of the National Liberation War kazanAtatürk declared that the struggle had just begun in the country where there was not even the core of the industry, by saying “The real war is the economic war”. The young Turkish Republic was still dependent on the enemy it had cast into the sea. All the needs of the railways connecting the fields to the markets, the mines to the factories, and the factories to the ports were met from Germany, Belgium, Sweden and Czechoslovakia. In Eskişehir Cer Atelier, which reached an indoor area of ​​1923 square meters in 800, units to produce bridges, railway switches, weighbridges and road safety materials were put into service until the end of 1928, and foreign dependency was tried to be reduced to some extent. Now, 3-4 locomotives and 30 passenger and freight wagons could be repaired annually. II. During World War II, a mobilization was launched in the Cer Workshop. First, new workers were trained in six-month courses, replacing the conscripted workers. Day and boarding Apprentice Art Schools were opened. A handful of specialist workers who remained in the workshop, while providing full support to the railways and the army, on the one hand, taught new workers and apprentices, on the other hand, they pursued new projects in order to overcome the difficulties caused by the difficult conditions of mobilization in our country, where there is no industry yet. As a result of this superhuman devotion, many machine parts and even tools were manufactured that had not been done before. Also in this period, the Welding House, which was established within the body of Cer Atölyesi, also became a center that trains world-class welders in Turkey. II in 1946. After the end of World War II and the abolition of mobilization, Cer Atölyesi had become a factory with its increased production capacity with the returning workers. In 1951, the first mechanical weighbridge in Turkey was manufactured in Cer Atölyesi, which grew with the addition of new facilities, without obtaining a license or know-how. Atelier, which has become one of Turkey's favorite institutions, was now ready for a real breakthrough. The long awaited opportunity has finally arrived.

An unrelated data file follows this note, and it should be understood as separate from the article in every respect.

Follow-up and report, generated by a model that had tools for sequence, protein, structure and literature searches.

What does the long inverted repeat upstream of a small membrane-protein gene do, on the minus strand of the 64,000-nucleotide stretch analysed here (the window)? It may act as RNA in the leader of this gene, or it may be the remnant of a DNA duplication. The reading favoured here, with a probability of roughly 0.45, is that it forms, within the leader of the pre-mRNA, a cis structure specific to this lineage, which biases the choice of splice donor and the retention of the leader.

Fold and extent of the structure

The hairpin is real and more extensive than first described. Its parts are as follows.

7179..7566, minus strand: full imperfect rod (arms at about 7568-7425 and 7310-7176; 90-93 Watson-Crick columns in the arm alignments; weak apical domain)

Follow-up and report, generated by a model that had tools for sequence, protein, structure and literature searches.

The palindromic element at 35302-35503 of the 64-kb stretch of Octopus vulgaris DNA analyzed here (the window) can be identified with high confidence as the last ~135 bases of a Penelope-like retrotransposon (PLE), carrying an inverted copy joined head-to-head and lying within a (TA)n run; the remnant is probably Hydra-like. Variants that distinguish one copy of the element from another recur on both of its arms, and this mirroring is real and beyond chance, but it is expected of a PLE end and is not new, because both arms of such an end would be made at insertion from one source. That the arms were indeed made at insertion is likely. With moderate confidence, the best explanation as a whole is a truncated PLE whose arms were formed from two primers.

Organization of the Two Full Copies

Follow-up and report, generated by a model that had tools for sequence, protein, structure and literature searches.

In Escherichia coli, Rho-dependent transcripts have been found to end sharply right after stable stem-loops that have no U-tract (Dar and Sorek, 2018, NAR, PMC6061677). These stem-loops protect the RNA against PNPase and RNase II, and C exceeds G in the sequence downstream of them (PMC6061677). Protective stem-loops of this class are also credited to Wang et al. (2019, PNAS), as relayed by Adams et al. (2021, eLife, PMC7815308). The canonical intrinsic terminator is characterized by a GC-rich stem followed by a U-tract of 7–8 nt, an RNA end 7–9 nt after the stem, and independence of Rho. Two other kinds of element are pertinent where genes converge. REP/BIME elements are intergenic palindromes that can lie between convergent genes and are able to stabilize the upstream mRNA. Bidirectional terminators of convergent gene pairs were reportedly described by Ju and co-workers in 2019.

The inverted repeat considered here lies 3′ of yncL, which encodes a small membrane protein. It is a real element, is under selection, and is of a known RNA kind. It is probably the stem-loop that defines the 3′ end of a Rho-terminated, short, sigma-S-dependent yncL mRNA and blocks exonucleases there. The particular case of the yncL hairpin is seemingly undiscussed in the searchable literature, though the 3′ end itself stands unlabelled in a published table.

In order to increase the railway love of the people, Eskişehir Cer Workshop was instructed to produce two small steam locomotives. The locomotives were to be operated in the Youth Park in Ankara. Applicant Adnan Menderes, who attended the opening ceremony of Çukurhisar Cement Factory in Eskişehir on April 4, 1957, visited Cer Workshop on April 5. Examining the Apprentice School, especially with all its outbuildings; Meeting with artisans, trade unions, and federation delegations, Menderes then took one of the locomotives of the miniature trains "Mehmetçik" and "Efe", which were produced for the Youth Park. The applicant was so satisfied with the small locomotive; "Can you make the biggest of this locomotive if I ask for you?" asked. Cer Workshop has been waiting for this instruction for years. In 1958, The Workshop was organized under the name of Eskişehir Railway Factory for new and big targets. This goal was to manufacture the first domestic locomotive. Karakurt, who was the product of the labor of Turkish workers and engineers, from design to production in 3, after about 1961 years of work, was ready to go. Karakurt, the first Turkish steam locomotive with a power of 1915 horsepower, weighing 97 tons and capable of 70 km / h, said goodbye to the railroads in 25, 10 years earlier than the service period of 1976 years. Currently, Eskisehir in Eskisehir today TULOMSAS name of the product in the same period of Turkey's efforts to develop domestic technology revolution as a monument to Draw Workshop on display along with the car. Meanwhile, as the twin of Karakurt, the Bozkurt locomotive, which was manufactured in Sivas Cer Workshop in 1961, was retired in 25 after 1994 years of full service, and Bozkurt is displayed as a monument showing the development of the Turkish industry, just like Karakurt. After Karakurt, TÜLOMSAŞ was able to manufacture a locomotive, whose project and production is completely domestic, only in the 100th anniversary of its establishment. In 1994, without purchasing any licenses from foreign countries, DH produced 7 thousand or “Yunus Emre” type maneuvering locomotive, whose project and production is completely domestic. In 1999, the diesel hydraulic main line and maneuver locomotive of DH 9500 type, the project and production of which are completely domestic, entered service on the 105th anniversary of the facilities. (Hasan Türkel - the Burdurgazete)